Amazon, Apple and Google have been named defendants in a lawsuit alleging a conspiracy to shut down the social-media website Parler that is injuring the individuals and organizations that used the platform as well as the company itself.
The case was filed in U.S. District Court in Florida by Freedom Watch, a nonprofit political-interest group run by former DOJ lawyer Larry Klayman.
Parler was shut down by its host, Amazon Web Services, after President Trump and thousands of conservatives were banned from social-media platforms.
The loss of Parler is damaging many, the complaint claims.
“PARLER and FREEDOM WATCH have been and will continue to be severely injured by [Amazon’s] malicious and pretextual shutdown of PARlER’s social networking platform because, during the period that PARLER is offline, many of its users will migrate to other online social networking platforms which are available on the Internet,” the complaint states.
“On information and belief, once PARLER users have migrated to another platform, many of them will not return to PARLER, and FREEDOM WATCH followers who migrate from PARLER will be lost by FREEDOM WATCH.”
The complaint notes the extent of the problem cannot be determined because the number of followers cannot be determined while Parler is offline.
The company has confirmed it plan to be back online sometime in the coming weeks.
Amazon cut off service to Parler, just as speculation grew that Trump might move his tens of millions of Twitter followers to Parler, which would have been a tremendous boost to the company.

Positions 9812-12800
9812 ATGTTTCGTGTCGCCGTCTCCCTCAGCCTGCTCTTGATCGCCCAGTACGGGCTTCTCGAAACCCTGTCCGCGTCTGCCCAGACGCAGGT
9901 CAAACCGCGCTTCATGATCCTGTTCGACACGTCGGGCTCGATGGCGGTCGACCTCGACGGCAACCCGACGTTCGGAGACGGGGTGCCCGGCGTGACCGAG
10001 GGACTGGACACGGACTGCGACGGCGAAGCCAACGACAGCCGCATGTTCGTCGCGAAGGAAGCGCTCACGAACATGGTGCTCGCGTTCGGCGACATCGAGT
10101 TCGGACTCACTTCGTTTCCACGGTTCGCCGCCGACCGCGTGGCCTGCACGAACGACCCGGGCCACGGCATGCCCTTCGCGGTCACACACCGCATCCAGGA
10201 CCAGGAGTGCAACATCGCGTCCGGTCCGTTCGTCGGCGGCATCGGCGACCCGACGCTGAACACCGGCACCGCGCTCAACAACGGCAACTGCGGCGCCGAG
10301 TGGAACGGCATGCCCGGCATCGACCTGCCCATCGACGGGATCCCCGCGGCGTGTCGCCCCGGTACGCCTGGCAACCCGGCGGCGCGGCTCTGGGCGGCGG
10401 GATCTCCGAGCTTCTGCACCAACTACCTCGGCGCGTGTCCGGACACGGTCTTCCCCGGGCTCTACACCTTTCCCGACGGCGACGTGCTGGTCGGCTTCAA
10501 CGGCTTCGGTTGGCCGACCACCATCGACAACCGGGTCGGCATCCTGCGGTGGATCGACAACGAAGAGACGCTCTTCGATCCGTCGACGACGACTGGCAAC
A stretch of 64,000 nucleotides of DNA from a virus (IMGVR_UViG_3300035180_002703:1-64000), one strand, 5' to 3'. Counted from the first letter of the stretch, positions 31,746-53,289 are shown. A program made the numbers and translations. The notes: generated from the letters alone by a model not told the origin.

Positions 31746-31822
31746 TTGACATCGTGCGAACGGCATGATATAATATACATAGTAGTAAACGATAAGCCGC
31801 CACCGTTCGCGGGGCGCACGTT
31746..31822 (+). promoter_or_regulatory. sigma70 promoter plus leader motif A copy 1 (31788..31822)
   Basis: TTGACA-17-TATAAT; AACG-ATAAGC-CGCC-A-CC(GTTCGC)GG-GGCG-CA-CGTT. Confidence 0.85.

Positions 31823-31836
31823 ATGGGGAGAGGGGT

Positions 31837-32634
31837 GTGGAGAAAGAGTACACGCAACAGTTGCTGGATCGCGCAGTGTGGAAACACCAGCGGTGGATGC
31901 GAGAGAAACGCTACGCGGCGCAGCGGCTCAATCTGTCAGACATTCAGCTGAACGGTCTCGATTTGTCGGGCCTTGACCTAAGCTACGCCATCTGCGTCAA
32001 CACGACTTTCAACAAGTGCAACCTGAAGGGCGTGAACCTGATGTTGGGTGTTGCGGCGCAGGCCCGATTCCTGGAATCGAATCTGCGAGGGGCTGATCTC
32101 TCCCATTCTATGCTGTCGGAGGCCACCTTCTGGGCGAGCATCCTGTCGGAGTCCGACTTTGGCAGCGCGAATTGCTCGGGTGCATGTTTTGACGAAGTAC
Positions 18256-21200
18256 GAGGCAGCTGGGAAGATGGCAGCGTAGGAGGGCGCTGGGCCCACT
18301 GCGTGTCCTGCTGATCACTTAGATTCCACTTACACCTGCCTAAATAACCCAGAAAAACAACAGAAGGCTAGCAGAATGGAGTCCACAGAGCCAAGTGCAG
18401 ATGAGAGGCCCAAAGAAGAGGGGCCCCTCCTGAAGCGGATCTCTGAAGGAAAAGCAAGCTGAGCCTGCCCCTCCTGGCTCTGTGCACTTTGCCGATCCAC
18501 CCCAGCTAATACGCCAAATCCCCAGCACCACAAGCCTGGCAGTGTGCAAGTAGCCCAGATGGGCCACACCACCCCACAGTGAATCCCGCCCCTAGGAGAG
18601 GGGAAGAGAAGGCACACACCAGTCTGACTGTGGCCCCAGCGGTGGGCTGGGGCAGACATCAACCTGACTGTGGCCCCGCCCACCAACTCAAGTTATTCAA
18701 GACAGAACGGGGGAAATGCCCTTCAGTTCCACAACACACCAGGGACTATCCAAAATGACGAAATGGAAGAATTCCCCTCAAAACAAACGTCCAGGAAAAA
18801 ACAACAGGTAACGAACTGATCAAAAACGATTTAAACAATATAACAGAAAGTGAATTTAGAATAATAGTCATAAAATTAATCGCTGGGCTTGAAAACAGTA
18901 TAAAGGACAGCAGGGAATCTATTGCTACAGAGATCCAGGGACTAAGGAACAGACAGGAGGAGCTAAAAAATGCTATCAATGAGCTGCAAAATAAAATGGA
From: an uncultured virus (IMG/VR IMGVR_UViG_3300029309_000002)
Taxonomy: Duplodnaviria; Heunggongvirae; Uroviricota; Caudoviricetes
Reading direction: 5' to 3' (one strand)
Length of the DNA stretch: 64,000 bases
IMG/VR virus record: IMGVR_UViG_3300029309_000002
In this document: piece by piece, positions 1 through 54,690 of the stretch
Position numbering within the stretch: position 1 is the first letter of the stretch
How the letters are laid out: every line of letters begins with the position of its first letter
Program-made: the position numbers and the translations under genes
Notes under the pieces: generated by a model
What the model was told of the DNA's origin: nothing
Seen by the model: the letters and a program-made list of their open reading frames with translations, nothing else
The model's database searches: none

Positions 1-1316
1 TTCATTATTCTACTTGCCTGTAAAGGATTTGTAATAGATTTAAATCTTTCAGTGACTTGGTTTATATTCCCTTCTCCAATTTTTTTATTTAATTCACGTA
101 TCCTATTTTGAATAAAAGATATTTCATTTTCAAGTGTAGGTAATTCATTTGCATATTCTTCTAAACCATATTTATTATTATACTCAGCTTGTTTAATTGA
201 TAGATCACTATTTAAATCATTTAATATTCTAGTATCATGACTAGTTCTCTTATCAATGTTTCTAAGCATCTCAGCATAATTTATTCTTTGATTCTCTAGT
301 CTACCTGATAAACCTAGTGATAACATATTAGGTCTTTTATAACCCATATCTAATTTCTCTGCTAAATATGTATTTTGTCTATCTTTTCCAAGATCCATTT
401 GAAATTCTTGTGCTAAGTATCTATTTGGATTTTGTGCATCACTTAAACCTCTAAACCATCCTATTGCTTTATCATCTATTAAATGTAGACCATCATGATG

The other two companies are accused of taking down access to the platform through their status as software application providers.
“On information and belief PARLER and FREEDOM WATCH have been and will continue to be injured by APPLE and GOOGLE’s malicious and pretextual decision to block iPhone and Android smartphone users from downloading the PARLER app. In addition to blocking potential new PARLER users from access to PARLER’s social networking platform, APPLE and GOOGLE’s wrongful refusal to allow existing PARLER users access to the PARLER app will block those existing users from staying with PARLER.”
The complaint points out that Amazon claimed it suspended Parler because the company could not properly “police its platform regarding content.”
“However, on Friday night, January 8, 2021, one of the top trending tweets on TWITTER was ‘Hang Mike Pence.’ On information and belief, AWS has no plans, nor has it made any threats, to suspend TWITTER’s account.”
The concerted effort to stifle Parler, therefore, “wrongfully interfered with FREEDOM WATCH’s freedom of expression, by depriving FREEDOM WATCH of access to the free speech oriented forum provided by PARLER,” the complaint states.
And Parler was “directly harmed” because it could not participate in “public debate and dissemination of its message,” the filing said.
The case seeks actual and compensatory damages, likely not to exceed $75,000, plus legal fees and costs.
It also asks for a court to order Amazon to restore its services to Parler.
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